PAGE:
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Letter from Abigail Adams to John Adams, 23 December 1796,"I received by the last post..."

My Dearest Friend

I received by the last post your favours dated 7h. [John to Abigail, 07 December 1796] , 8th. [John to Abigail, 08 December 1796] and 12 [John to Abigail, 12 December 1796] of the present Month together with Pains Letter and the counter part Jasper. I tremble when I look forward to the Scene opening before me. My own reflections and meditations are similar to yours except that I do contemplate a return to the Bar. Retirement at Peace Feild I think would be a much more Eligible Situation than to be fastned up Hand and foot and Tongue to be shot at as our Quincy Lads do at the poor Geese and Turkies, and like the frog in the fable, sport to the Boys was death to the frogs. Since I came to Town some curious Annecdotes have to me. Judge Daws after the Election was over, went to visit the Govenour so said the G. To answer their own ends. I say to answer their own ends Judge. They have sit up Your Father and me Electors in opposition to each other. If I had been Elected, I should have done something that should have cemented the Friendship of my Kinsman or severd us for ever. I hope Sir it will make no

I hope Sir it will make no breach between your Father and me. Our Friend Mrs. Storer says that the conduct of the Govenour in erasing his Name from the Law respecting Electors, putt her in mind of some lines in a little Book of the Childrens.

There was a man in Thessaly
And he was wondrous wise
He jumped into a quickset hedge
And scratchd out both his Eyes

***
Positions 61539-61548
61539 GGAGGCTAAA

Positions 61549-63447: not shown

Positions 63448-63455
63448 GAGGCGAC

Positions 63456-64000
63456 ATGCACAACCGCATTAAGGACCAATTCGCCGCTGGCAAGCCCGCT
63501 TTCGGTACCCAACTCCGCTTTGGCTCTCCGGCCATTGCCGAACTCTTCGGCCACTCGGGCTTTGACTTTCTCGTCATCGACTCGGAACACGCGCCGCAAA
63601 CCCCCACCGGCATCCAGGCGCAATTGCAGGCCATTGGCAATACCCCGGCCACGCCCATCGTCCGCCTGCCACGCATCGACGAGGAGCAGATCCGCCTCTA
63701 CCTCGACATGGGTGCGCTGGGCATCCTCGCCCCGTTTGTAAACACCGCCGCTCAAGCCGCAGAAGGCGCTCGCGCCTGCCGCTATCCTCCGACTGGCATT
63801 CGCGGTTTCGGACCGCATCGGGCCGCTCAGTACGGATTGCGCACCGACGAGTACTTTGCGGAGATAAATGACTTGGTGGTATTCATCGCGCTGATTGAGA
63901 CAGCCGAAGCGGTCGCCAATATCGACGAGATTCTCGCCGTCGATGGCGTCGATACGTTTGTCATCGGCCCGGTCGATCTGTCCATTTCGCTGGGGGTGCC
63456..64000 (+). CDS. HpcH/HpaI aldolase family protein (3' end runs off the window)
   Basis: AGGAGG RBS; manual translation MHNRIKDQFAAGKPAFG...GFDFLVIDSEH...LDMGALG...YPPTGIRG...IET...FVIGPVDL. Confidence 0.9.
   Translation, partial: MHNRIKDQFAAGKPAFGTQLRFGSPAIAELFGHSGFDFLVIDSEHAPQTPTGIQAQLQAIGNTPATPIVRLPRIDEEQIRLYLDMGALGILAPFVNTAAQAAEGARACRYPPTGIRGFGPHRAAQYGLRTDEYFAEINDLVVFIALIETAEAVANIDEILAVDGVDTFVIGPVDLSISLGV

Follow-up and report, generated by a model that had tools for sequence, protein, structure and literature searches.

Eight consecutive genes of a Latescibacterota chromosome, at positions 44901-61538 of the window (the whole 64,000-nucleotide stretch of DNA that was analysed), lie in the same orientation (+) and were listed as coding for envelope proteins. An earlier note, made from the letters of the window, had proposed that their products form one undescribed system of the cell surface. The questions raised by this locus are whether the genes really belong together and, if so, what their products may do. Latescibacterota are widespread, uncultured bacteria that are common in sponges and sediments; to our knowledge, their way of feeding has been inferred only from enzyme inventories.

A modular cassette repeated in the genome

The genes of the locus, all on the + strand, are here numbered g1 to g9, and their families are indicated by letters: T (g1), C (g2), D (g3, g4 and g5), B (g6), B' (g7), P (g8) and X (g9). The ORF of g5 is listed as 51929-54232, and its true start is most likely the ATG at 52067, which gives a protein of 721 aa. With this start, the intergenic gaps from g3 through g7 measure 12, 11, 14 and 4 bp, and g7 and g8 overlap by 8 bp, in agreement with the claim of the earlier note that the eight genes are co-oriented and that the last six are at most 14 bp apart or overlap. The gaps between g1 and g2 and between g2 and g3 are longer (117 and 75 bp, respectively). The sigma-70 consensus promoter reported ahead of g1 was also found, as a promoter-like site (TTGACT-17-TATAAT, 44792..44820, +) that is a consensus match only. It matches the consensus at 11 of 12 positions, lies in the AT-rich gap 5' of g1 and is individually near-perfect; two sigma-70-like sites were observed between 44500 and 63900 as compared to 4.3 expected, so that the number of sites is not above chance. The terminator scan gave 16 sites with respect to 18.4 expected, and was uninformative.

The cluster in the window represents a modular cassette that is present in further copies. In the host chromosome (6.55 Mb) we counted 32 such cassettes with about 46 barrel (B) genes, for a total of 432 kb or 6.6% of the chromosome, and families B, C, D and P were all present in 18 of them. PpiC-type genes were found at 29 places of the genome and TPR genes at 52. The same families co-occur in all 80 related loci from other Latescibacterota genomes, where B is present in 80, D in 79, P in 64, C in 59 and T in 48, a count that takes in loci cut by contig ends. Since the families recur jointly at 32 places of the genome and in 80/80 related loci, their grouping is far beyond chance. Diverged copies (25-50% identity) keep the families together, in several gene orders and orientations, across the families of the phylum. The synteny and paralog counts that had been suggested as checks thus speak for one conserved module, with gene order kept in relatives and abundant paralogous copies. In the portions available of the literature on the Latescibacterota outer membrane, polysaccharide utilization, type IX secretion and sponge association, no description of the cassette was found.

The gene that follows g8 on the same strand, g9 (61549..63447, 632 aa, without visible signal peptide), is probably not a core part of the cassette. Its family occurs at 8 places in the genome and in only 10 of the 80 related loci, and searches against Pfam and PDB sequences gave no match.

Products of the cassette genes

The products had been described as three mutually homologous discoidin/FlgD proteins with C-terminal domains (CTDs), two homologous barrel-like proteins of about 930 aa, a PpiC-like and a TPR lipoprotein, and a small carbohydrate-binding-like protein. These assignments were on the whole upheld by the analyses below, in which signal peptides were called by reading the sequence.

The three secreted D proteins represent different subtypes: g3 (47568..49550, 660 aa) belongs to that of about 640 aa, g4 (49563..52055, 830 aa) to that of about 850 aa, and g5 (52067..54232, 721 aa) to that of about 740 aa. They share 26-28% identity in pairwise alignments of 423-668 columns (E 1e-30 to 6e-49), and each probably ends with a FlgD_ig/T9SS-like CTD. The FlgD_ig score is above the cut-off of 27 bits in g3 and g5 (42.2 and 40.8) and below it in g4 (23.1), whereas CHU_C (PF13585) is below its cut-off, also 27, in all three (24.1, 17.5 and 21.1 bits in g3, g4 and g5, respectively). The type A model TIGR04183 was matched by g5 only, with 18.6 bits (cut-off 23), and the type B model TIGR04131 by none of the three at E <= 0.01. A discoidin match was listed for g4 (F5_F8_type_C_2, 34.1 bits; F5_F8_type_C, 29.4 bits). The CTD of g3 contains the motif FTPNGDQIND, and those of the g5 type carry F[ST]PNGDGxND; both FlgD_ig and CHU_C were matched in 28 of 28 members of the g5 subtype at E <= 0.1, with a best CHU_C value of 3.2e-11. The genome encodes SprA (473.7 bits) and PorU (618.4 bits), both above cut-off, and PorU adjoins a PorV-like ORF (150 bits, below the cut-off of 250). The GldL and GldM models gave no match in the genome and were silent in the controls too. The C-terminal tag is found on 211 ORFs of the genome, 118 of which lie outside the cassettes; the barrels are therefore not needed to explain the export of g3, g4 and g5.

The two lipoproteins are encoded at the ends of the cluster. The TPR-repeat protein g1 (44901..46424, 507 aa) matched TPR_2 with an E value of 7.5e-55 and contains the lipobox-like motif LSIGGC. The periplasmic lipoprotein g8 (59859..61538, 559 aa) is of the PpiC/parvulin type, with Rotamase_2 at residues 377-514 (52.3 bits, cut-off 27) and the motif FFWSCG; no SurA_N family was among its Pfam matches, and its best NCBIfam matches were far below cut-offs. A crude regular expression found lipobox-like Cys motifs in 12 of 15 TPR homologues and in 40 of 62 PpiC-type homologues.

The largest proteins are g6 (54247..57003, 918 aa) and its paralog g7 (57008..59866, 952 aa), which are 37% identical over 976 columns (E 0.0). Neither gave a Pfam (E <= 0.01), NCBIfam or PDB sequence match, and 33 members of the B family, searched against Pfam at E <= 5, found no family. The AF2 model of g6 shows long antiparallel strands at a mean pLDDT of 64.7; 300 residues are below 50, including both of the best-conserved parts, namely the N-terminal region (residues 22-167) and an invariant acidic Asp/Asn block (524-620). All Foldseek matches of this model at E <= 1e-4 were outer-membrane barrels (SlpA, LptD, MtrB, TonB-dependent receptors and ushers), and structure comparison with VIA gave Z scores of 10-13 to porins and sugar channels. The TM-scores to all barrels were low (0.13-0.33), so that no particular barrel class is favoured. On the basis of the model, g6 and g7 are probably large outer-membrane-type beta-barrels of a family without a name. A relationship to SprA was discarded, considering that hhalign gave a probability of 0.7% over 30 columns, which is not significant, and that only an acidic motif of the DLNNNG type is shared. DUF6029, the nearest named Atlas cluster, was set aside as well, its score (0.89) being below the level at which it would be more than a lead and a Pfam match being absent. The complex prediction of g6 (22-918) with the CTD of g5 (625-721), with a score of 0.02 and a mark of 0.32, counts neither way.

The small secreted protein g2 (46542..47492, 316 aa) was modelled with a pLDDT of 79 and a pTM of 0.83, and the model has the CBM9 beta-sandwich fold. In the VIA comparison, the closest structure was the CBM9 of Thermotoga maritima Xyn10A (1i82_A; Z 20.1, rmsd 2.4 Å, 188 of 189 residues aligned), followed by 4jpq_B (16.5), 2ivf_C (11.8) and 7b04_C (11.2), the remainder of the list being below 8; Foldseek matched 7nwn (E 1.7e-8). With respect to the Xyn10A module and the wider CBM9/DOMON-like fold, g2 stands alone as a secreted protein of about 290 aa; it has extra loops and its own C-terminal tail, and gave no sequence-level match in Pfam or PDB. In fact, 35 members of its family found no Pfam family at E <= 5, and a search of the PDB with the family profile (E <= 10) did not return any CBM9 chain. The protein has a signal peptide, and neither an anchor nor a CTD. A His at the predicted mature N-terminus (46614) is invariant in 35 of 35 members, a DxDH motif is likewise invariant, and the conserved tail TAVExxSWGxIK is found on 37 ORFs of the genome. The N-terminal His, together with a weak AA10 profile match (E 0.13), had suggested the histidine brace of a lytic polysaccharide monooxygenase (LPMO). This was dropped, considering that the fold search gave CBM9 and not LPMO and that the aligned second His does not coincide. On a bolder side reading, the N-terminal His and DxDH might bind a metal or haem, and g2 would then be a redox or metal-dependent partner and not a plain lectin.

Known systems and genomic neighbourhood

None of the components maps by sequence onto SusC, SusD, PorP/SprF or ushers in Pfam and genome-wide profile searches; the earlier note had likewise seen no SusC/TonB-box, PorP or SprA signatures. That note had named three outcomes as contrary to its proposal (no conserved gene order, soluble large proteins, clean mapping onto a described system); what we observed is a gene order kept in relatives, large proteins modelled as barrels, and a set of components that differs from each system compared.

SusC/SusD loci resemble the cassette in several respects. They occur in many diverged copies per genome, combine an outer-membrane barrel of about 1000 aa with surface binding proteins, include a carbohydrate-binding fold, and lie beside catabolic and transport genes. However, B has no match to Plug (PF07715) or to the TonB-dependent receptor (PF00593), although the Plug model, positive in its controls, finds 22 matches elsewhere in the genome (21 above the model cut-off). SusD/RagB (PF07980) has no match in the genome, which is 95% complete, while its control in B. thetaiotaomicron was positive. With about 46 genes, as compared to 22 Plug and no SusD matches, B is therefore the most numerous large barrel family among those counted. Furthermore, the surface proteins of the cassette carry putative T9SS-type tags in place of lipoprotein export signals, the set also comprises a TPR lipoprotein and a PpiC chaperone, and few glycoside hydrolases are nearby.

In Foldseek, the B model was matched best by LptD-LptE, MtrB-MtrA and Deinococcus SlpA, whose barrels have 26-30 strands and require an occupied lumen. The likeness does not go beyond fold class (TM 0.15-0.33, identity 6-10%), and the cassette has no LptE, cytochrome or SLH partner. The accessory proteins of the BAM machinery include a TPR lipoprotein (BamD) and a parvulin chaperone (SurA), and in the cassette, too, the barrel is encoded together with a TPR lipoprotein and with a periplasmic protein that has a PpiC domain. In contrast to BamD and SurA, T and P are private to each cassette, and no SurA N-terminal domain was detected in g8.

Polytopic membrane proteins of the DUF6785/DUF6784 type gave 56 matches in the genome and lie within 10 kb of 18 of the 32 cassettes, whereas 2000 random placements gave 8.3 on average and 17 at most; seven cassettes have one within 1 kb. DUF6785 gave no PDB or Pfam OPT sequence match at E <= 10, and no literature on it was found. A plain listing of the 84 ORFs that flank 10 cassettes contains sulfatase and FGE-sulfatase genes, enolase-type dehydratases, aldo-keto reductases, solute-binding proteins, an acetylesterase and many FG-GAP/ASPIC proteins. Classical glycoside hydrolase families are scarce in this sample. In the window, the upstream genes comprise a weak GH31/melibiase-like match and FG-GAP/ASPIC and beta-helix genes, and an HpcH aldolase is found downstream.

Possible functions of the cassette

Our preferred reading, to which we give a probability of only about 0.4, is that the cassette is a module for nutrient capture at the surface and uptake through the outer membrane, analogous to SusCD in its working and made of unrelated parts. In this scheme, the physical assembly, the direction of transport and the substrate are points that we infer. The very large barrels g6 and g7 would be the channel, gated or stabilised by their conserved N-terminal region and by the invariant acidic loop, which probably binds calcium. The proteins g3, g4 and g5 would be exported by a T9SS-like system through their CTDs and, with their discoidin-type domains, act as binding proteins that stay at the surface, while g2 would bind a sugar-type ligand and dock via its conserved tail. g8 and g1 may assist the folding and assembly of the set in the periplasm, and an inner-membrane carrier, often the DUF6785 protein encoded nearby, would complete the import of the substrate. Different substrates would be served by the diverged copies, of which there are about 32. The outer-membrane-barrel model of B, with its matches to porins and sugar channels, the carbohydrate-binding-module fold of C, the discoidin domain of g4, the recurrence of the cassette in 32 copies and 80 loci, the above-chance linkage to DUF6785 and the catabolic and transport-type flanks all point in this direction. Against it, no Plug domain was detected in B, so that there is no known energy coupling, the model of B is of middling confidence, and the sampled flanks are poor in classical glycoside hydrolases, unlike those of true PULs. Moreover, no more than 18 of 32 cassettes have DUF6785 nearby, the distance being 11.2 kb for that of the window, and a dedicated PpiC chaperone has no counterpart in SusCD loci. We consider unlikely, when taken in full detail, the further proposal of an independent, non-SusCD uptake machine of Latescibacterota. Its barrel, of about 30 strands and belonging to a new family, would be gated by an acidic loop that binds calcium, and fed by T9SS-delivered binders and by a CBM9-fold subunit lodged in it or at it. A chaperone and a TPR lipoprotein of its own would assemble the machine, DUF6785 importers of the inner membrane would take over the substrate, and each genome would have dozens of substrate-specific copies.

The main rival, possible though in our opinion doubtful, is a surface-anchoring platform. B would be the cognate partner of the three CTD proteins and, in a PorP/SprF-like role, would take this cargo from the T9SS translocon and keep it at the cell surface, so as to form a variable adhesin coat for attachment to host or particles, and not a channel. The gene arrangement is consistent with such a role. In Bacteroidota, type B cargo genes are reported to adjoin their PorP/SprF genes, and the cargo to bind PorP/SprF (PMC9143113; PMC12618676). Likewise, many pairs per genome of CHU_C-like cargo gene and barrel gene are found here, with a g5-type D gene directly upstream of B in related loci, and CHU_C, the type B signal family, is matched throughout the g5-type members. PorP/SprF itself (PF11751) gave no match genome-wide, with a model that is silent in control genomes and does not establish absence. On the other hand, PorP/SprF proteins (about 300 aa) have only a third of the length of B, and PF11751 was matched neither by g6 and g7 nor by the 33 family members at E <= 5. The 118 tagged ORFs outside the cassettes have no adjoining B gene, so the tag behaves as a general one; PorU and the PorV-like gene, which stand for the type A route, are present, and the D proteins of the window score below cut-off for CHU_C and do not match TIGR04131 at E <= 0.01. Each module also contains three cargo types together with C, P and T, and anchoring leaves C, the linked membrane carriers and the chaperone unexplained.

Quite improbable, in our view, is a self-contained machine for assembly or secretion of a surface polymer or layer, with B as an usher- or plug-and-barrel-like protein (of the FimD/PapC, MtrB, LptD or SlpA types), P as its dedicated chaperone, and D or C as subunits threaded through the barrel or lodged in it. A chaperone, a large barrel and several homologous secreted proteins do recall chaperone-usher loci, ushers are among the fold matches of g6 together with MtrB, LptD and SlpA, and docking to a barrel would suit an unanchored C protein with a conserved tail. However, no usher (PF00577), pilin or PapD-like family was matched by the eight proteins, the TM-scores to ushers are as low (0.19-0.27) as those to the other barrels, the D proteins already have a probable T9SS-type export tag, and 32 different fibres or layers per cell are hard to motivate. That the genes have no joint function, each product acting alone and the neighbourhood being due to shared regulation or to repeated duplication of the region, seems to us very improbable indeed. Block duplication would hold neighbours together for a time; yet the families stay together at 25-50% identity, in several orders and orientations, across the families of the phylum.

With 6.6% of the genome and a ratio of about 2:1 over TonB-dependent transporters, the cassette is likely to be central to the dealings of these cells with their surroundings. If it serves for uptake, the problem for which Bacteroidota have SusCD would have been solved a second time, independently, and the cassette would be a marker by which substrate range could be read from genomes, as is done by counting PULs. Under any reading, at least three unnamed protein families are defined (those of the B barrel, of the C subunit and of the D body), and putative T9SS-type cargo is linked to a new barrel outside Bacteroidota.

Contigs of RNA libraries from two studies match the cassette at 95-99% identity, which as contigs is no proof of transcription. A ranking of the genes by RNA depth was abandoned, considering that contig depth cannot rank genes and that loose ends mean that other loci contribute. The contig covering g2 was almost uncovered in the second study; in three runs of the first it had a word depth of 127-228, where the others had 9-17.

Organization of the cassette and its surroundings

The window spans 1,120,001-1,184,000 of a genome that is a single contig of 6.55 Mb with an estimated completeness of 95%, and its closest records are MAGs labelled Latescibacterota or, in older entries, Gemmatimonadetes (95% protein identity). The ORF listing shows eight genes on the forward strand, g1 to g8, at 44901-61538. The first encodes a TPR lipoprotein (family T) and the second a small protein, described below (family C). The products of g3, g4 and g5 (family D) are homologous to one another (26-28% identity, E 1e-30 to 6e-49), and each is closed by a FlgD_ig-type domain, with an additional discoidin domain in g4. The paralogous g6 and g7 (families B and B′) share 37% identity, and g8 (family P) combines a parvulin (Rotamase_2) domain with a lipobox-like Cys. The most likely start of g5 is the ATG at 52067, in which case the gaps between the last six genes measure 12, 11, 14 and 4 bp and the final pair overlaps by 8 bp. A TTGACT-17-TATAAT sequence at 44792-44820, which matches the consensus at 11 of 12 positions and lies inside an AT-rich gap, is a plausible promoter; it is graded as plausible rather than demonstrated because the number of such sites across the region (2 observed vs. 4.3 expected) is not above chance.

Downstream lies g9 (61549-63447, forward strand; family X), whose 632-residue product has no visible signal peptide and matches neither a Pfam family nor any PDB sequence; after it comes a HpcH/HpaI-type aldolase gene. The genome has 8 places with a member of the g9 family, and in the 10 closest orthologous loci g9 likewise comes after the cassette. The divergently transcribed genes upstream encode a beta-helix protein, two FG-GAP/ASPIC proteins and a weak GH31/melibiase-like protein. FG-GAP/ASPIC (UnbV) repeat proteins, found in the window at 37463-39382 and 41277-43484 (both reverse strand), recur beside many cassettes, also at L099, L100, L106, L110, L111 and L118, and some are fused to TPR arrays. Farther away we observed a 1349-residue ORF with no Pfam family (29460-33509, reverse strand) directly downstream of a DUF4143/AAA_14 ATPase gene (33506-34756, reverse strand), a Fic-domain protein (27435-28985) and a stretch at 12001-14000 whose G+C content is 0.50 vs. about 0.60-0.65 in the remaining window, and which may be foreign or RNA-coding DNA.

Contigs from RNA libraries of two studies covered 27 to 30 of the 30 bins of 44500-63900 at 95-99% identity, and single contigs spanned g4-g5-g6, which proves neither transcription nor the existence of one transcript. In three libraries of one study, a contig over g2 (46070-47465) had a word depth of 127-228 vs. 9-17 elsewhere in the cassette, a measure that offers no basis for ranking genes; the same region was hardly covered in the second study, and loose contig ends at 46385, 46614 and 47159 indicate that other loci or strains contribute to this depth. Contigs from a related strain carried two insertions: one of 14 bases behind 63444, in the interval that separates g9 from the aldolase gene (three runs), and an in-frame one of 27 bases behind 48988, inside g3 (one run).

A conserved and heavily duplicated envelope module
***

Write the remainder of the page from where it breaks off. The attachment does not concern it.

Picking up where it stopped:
And when he saw his Eyes were out
With all his might and main
He jump 'd into another hedge
And scratchd them in again.

A Country Man this Week who lives about 50 miles back was in Mr. N Austins Shop, and began to talk with him upon politicks. Why says he, they tell me that Mr. Adams tho a Clever Man will not do for President. They say he can't talk. Aya says Mr. Austin, he can't talk Nonsence. But do you or can you believe that a Gentleman who was many Years in the full practise of the Law cannot talk?

Very harmless was that report in comparison of a thousand others which I dare say have

come to your Ears. Dr. Walter call'd to see me a day or two since. He said there were many people in this Town who almost wisht you might not be Elected that they might have you for their Govenour next year. To this speach I could make no reply, but bow'd. It is considerd here as a Matter setled that you are Elected, yet no person speaks of it, but what seem to commisirate the station and to be fully sensible of its dangers and perplexitys.

I inclose to you an Aurelias, the reputed Author Young Gardner of Milton. It is certain that he corrected the press and does not deny the peice. I can not but Suspect however that he has consented to Father it for some other person.

Tell Mrs. Otis that her Friends here are well, but in affliction for the sudden Death of Mrs. Robbins, Nabby Saltmass that was, who on one Sunday was married and before a fortnight was a Corpse. "O Blindness to the future kindly given."

Tomorrow I return to Quincy where I hope to hear often from my dearest Friend to whom

I am with the sincerest affection His
A Adams

[Endorsement -- see page image]

Cite web page as: Letter from Abigail Adams to John Adams, 23 December 1796, "I received by the last post..." [electronic edition]. Adams Family Papers: An Electronic Archive. Massachusetts Historical Society. http://www.masshist.org/digitaladams/
Original manuscript: Adams, Abigail. Letter from Abigail Adams to John Adams, 23 December 1796, "I received by the last post...". 4 pages. Original manuscript from the Adams Family Papers, Massachusetts Historical Society.
Source of transcription: Adams Papers editorial project. Unverified transcriptions.
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